Forming a General Partnership

business people doing businessStarting your own business is a new and exciting opportunity to chase your dreams. But going into business is rife with legal risks, which is why business formation attorneys are so invaluable. When considering forming a general partnership, you should know what you’re getting into, and what the possible pitfalls may be.

What is a General Partnership?

A general partnership consists of two or more people who go into business together for profit. It is a step up from a sole proprietorship in that all the members of the partnership divide the liabilities of the business amongst themselves instead of just one person. You don’t actually have to go through any formal process to establish a partnership; the entity is created by the act of engaging with one or more other persons in a business enterprise.

Rules of a General Partnership

Under the Uniform Partnership Act, the rules of partnership include but not limited to the following:

  1. Joint property ownership or tenancy does not establish a partnership.
  2. Income or profit from property held jointly does not constitute a partnership.
  3. Profit sharing from a business constitutes a partnership except when the share was received as payment for rent, debt or wages.
  4. If a person allows the use of his or her name to benefit the business in any way, that person is considered a partner, and may be held equally liable as the formal members of a partnership.
  5. Profits are reported as personal income and taxed accordingly.  This is called a pass-through. The portion of the income that are reported under each partner is based on the profit-sharing terms of the partnership agreement.
  6. Each partner is personally liable for the partnership’s obligations. This may take the form or joint or several liability. Even if only one partner is found guilty of any wrongdoing concerning the business, all partners are jointly and/or severally liable. In some instances, the same would apply for liabilities of the partnership’s employees.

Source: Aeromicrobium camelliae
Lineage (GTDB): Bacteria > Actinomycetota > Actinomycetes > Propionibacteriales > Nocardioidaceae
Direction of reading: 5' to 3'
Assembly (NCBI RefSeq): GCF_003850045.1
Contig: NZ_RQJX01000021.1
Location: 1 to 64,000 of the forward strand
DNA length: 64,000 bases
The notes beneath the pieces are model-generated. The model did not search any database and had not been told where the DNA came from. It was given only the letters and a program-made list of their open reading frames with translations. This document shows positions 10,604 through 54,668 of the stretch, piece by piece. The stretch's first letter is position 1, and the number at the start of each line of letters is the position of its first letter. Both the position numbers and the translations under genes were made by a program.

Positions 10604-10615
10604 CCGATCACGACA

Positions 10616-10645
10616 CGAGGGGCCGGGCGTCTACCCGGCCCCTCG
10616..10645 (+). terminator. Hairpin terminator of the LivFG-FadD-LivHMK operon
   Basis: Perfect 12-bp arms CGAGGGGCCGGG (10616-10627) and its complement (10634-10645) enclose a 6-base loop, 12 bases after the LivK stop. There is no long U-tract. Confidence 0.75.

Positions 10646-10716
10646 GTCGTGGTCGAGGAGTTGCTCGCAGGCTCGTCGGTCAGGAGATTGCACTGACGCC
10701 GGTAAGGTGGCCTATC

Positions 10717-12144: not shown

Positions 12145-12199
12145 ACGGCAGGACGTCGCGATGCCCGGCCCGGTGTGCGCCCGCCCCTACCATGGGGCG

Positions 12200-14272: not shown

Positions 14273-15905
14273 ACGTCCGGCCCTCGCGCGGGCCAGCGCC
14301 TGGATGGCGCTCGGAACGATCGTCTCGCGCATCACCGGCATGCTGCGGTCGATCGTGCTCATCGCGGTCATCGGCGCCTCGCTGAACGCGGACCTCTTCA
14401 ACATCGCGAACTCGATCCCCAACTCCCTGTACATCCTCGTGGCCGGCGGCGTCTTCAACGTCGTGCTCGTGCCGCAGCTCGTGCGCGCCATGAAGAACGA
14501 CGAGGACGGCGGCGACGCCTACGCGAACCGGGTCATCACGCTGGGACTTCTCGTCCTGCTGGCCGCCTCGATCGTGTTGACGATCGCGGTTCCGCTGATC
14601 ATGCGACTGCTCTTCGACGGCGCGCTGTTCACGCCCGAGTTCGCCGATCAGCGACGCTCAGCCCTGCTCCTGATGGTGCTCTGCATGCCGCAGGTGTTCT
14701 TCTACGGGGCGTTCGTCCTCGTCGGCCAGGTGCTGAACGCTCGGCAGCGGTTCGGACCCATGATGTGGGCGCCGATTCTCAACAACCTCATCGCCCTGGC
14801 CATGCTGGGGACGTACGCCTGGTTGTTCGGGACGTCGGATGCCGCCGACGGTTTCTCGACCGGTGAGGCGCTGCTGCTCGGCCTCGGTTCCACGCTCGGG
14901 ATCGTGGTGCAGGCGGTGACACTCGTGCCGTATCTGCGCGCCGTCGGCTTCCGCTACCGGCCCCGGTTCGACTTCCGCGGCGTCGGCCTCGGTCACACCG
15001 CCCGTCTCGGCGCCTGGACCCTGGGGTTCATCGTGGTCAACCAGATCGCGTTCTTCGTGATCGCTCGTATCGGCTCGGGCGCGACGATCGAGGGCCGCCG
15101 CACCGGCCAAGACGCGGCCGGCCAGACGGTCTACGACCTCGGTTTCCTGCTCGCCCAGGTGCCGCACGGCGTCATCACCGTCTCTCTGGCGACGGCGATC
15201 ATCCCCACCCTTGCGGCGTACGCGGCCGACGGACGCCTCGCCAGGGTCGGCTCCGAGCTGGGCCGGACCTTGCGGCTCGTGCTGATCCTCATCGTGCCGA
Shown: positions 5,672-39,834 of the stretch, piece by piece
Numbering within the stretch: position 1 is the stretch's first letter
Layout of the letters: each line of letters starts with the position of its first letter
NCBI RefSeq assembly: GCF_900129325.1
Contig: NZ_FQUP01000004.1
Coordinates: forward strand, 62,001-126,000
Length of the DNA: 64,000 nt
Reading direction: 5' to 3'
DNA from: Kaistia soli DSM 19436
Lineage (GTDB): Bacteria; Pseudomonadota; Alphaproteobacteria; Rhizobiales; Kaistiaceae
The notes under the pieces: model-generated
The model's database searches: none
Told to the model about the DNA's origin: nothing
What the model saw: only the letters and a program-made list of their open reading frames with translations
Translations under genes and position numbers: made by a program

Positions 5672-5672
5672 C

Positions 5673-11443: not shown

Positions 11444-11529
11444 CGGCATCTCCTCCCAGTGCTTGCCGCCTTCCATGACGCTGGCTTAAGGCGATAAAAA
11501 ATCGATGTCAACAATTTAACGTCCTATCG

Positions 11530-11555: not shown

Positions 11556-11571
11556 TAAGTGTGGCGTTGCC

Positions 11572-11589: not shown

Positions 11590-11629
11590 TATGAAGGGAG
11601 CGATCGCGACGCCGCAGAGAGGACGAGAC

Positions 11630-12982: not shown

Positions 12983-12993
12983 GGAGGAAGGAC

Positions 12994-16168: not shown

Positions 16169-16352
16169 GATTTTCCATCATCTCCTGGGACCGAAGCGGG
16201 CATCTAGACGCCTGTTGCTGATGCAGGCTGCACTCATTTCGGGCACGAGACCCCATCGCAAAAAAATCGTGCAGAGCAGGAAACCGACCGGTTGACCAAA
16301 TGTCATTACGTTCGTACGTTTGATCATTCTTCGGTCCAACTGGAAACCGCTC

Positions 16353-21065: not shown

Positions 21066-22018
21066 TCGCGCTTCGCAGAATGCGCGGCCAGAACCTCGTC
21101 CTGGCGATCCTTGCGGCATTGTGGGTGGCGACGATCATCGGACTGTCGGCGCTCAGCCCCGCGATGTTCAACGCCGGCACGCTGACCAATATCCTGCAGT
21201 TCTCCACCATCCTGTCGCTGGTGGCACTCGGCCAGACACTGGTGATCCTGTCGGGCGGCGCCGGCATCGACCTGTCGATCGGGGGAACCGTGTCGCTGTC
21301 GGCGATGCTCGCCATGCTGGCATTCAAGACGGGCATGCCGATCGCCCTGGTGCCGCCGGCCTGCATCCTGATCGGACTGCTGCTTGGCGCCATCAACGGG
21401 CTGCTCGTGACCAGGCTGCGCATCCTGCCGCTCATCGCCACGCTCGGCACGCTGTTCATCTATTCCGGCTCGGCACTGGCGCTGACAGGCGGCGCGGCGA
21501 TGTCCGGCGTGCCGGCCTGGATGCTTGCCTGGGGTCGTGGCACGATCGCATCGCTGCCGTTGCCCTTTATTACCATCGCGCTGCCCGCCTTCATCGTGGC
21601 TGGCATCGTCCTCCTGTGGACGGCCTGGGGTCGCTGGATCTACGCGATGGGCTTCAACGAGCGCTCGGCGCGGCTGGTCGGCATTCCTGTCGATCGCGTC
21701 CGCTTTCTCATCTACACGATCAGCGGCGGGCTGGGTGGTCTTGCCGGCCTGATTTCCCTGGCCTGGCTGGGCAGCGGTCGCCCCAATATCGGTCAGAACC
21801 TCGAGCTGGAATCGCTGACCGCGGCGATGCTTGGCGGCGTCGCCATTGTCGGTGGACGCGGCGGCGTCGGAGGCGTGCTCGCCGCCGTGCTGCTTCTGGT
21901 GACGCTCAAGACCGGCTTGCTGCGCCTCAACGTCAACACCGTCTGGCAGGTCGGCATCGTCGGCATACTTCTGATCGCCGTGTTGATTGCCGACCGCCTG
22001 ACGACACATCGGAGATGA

7. Each partner has equal voting rights unless otherwise stipulated.

Because a partnership is subject to a lot of issues and disputes, including complicated taxation laws, it is advisable to have a written agreement drawn up prior to the commencement of any business endeavor. Contacting business formation attorneys to draw up a partnership agreement ensures that each partner’s rights and concerns are addressed legally and fairly.

NASA Technology to Aid in Disaster Relief

NASA has developed radar technology that helps first-responders find victims in disaster situations. The new technology is called Finding Individuals for Disaster and Emergency Response (FINDER). It’s capable of detecting individuals buried under or trapped behind varying meters and densities of debris. In open space it can locate people as far as 30 meters away. FINDER would give responders a greater margin of time for finding injured or trapped people and effectively treating them.

FINDER works by reading the patterns that bounce back from debris using radar microwave signals. There are some complications when it comes to analyzing wreckage. In situations where storms have produced shattered wreckage, signals can get crossed by the overstimulation of surfaces. However, algorithms help to weed out the oversaturation of signals and isolate human movement like the rise and fall of a victim’s chest.

The FINDER detection is tailored specifically to human signals so that it doesn’t inadvertently pick up signals coming from animals or other moving factors, like trees or debris. There have been many instruments developed to help disaster relief, from clean-up resources to transportation vehicles, but FINDER is the most precise prototype built to target and locate trapped disaster victims.